RNA recombination processes are generally classified as either homologous or non-homologous. In 1992, Lai postulated three classes of RNA recombination: homologous, aberrant homologous, and nonhomologous. Homologous recombination occurs between two related RNA molecules at corresponding sites, although homologous RNA recombination can also occur within a common region shared by otherwise unrelated RNA sequences. Aberrant homologous recombination involves crossovers between related RNAs but does not occur at corresponding sites, leading to sequence insertions or deletions.
Nonhomologous recombination occurs between unrelated RNA molecules. Several authors have recently proposed slightly different definitions, based on models and mechanistic considerations. Although genetic recombination has been described in RNA viruses such as influenza virus and poliovirus, it has not been found in Newcastle disease virus. The complete nucleotide sequences of the genomic RNAs of a large number have been obtained.
Bacterial recombination mechanisms
Bacterial recombination undergoes several different processes. Processes include transformation, transduction, conjugation, and homologous recombination. Homologous recombination is based on cDNA transferring genetic material. Complementary DNA sequences carry genetic material on identical homologous chromosomes. The paternal and maternal chromosomes will align so that the DNA sequences undergo the crossing over process.
Transformation involves the uptake of exogenous DNA from the surrounding environment. DNA fragments from a degraded bacterium will be transferred to the surrounding competent bacterium, resulting in an exchange of recipient DNA. Transduction is associated with virus-mediated vectors that transfer DNA material from one bacterium to another within the genome. Bacterial DNA is placed into the bacteriophage genome through bacterial transduction.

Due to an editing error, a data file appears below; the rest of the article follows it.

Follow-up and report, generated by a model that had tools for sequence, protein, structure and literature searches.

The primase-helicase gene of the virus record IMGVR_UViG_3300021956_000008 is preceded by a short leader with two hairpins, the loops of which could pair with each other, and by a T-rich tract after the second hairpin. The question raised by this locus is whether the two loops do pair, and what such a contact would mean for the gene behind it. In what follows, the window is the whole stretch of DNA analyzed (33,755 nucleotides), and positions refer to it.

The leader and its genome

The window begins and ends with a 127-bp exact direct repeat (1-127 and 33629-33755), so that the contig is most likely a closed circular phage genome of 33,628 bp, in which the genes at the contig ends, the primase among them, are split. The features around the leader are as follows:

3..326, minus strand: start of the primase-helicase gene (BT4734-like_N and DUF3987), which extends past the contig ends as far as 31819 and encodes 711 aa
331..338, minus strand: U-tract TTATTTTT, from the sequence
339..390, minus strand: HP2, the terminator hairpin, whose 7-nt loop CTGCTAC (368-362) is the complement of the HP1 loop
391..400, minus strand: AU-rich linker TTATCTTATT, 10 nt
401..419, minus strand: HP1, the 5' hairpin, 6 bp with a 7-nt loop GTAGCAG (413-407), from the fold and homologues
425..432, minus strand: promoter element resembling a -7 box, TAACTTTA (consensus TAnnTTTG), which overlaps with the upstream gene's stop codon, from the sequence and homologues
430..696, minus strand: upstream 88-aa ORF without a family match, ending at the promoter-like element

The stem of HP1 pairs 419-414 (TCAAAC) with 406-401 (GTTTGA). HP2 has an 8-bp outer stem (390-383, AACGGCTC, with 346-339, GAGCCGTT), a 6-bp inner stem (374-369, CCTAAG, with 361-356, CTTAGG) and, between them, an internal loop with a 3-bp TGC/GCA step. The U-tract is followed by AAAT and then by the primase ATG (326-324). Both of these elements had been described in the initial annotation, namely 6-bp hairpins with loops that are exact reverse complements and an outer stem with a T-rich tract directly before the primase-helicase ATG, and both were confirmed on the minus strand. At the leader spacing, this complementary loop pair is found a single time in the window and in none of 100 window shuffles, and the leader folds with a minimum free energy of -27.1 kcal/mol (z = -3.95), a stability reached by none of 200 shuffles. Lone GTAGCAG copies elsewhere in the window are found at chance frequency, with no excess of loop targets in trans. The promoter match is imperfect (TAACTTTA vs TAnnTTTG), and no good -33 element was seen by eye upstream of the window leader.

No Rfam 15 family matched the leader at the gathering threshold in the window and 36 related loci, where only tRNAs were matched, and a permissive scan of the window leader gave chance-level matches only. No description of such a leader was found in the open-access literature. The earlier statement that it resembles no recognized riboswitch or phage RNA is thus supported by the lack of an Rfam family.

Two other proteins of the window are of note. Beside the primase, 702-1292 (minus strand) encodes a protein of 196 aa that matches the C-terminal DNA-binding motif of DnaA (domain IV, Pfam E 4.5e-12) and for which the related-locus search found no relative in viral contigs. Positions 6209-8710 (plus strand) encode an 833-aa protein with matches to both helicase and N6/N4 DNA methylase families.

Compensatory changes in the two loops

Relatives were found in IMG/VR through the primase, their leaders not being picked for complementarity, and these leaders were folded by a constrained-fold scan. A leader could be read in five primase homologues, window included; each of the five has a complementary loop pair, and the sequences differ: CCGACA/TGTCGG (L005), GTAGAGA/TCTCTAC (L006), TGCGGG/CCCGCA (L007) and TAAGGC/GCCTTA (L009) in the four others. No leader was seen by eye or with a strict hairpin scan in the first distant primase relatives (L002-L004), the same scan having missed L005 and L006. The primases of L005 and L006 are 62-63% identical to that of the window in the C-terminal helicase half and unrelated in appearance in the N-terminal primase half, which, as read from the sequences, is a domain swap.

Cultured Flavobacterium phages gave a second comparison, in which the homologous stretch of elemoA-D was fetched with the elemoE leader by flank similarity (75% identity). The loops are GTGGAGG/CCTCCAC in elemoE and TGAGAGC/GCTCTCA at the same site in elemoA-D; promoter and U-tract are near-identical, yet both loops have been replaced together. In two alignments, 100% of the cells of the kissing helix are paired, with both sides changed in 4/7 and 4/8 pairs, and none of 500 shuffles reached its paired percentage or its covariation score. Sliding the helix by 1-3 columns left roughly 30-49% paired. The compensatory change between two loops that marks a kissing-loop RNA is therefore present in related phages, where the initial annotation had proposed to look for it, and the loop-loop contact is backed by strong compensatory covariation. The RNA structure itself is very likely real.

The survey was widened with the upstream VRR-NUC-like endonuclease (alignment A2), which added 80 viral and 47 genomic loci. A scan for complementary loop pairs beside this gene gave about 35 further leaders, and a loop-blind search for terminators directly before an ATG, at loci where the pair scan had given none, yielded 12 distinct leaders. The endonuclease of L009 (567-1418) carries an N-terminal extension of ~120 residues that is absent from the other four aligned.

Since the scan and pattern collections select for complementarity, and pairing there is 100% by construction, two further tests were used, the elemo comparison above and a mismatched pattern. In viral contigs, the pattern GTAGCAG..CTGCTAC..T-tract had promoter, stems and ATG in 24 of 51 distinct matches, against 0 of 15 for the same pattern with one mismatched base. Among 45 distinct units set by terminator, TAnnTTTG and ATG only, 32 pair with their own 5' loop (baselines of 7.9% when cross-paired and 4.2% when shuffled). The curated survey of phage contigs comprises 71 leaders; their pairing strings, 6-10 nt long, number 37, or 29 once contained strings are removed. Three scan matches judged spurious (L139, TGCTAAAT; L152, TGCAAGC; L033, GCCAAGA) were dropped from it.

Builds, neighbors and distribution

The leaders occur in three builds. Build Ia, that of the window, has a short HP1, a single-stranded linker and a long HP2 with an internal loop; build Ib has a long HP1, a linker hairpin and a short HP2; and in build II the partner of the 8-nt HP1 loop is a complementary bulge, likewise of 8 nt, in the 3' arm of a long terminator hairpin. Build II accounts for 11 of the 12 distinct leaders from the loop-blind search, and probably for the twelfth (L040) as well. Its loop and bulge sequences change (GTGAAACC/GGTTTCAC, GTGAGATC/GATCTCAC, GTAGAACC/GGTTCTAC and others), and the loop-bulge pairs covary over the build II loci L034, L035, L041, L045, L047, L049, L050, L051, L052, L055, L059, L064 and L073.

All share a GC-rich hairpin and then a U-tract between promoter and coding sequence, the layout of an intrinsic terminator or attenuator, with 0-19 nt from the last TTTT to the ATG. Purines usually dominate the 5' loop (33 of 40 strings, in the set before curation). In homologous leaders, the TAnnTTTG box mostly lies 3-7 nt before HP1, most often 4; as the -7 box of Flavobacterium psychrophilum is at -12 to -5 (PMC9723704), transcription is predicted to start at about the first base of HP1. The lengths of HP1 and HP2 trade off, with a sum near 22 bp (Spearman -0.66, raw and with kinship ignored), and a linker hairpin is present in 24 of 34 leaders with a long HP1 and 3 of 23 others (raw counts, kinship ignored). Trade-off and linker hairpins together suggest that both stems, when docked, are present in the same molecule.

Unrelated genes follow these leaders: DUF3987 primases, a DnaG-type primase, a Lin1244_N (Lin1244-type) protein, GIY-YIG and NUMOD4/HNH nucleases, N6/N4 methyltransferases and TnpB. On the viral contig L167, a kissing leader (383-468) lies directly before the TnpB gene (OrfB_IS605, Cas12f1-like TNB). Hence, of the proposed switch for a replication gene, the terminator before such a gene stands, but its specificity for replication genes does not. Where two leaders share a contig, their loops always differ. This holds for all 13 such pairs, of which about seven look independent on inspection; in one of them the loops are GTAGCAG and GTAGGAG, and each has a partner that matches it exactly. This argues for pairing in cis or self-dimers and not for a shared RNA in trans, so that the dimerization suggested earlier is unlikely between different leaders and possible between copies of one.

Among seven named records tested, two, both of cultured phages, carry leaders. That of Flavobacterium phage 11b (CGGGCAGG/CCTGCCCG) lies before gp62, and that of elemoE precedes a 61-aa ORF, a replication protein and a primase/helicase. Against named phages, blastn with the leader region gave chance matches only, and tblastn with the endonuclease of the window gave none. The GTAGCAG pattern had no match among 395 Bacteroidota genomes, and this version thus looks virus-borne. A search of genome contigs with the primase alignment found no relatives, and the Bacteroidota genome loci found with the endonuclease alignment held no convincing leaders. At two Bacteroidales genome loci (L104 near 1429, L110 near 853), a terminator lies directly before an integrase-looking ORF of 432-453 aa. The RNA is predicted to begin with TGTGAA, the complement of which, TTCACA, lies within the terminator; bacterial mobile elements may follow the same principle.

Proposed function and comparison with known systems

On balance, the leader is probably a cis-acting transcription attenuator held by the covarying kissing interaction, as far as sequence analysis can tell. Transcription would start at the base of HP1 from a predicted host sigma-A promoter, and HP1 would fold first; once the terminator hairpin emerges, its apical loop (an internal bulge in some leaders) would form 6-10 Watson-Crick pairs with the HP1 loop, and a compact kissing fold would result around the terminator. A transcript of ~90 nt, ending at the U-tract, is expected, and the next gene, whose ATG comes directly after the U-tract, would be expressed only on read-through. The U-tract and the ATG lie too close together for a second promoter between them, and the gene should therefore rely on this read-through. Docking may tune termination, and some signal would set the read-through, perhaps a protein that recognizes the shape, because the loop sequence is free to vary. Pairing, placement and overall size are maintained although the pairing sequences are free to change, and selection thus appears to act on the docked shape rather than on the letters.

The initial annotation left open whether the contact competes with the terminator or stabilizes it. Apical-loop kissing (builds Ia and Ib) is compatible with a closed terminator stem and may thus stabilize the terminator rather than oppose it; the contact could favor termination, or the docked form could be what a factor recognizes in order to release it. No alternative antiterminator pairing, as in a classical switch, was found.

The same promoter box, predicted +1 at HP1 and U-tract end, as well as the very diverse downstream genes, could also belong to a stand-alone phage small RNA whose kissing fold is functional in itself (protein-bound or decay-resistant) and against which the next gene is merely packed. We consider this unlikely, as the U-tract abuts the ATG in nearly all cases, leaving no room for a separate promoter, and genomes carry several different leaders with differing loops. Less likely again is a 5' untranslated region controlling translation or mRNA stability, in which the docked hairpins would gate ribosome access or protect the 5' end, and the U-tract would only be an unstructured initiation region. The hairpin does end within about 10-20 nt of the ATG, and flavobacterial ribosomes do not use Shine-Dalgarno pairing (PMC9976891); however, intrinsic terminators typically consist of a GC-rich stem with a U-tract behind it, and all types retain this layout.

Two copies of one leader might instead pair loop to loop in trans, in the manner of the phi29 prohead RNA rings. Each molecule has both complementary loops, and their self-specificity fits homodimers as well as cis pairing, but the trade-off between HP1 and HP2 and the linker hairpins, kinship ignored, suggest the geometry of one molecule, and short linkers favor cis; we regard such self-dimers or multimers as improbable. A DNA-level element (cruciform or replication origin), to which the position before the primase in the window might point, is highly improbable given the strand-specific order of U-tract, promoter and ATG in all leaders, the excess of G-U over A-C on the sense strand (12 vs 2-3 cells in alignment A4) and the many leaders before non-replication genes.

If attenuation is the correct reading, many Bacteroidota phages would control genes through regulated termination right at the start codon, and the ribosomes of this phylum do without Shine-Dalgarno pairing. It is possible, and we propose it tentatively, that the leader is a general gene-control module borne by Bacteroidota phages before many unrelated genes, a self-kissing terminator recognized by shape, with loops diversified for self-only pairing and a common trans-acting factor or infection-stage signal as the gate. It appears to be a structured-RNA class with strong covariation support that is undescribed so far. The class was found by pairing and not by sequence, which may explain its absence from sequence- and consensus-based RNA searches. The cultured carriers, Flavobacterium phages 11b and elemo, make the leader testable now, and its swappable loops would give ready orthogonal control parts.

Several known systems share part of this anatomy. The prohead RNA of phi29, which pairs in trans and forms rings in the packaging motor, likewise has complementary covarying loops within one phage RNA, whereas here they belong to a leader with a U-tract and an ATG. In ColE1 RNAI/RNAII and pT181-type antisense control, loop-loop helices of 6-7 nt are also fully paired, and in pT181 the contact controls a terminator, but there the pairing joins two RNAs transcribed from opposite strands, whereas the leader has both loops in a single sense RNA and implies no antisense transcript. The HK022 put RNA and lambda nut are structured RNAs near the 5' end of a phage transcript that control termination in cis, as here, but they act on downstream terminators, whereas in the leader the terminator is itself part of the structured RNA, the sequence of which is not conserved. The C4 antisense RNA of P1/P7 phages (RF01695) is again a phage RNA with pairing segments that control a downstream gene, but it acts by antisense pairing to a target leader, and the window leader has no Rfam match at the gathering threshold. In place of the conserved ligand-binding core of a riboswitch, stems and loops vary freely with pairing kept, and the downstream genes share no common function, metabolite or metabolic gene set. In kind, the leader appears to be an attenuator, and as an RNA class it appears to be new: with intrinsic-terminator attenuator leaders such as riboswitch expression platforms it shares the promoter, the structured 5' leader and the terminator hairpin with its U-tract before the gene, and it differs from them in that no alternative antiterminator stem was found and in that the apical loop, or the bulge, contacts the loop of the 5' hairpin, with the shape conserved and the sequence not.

In bacterial conjugation, DNA is transferred through cell-to-cell communication. Cell-to-cell communication may involve plasmids that allow DNA transfer to another neighbouring cell. Neighboring cells take up the F plasmid (fertility plasmid: inherited material that is present on the chromosome). The recipient and donor cell come into contact during an F-plasmid transfer. The cells undergo a horizontal gene transfer in which genetic material is transferred.
Genetic recombination can be found in many groups of DNA and RNA viruses. Both observed natural sequence rearrangements and data obtained using experimental systems demonstrate that recombination plays an important role in providing genetic diversity during viral infections. The molecular mechanisms involved in genetic recombination depend on the class of virus. DNA viruses use homologous (general) recombination mechanisms available in host cells, although some DNA viruses encode their own recombination proteins. Furthermore, site-specific (non-homologous) recombination events were found for certain classes of DNA viruses.
For RNA viruses, both homologous and non-homologous recombination events were observed. Various types of copy choice mechanisms were proposed to explain the formation of RNA recombinants, and the role of special RNA signal sequences and viral proteins in recombination was noted. In some cases, an RNA cleavage and religation mechanism cannot be excluded and was experimentally demonstrated for bacteriophage Qβ. Further studies are required to obtain a more general picture of the genetic recombination pathways available for viruses, especially for RNA viruses.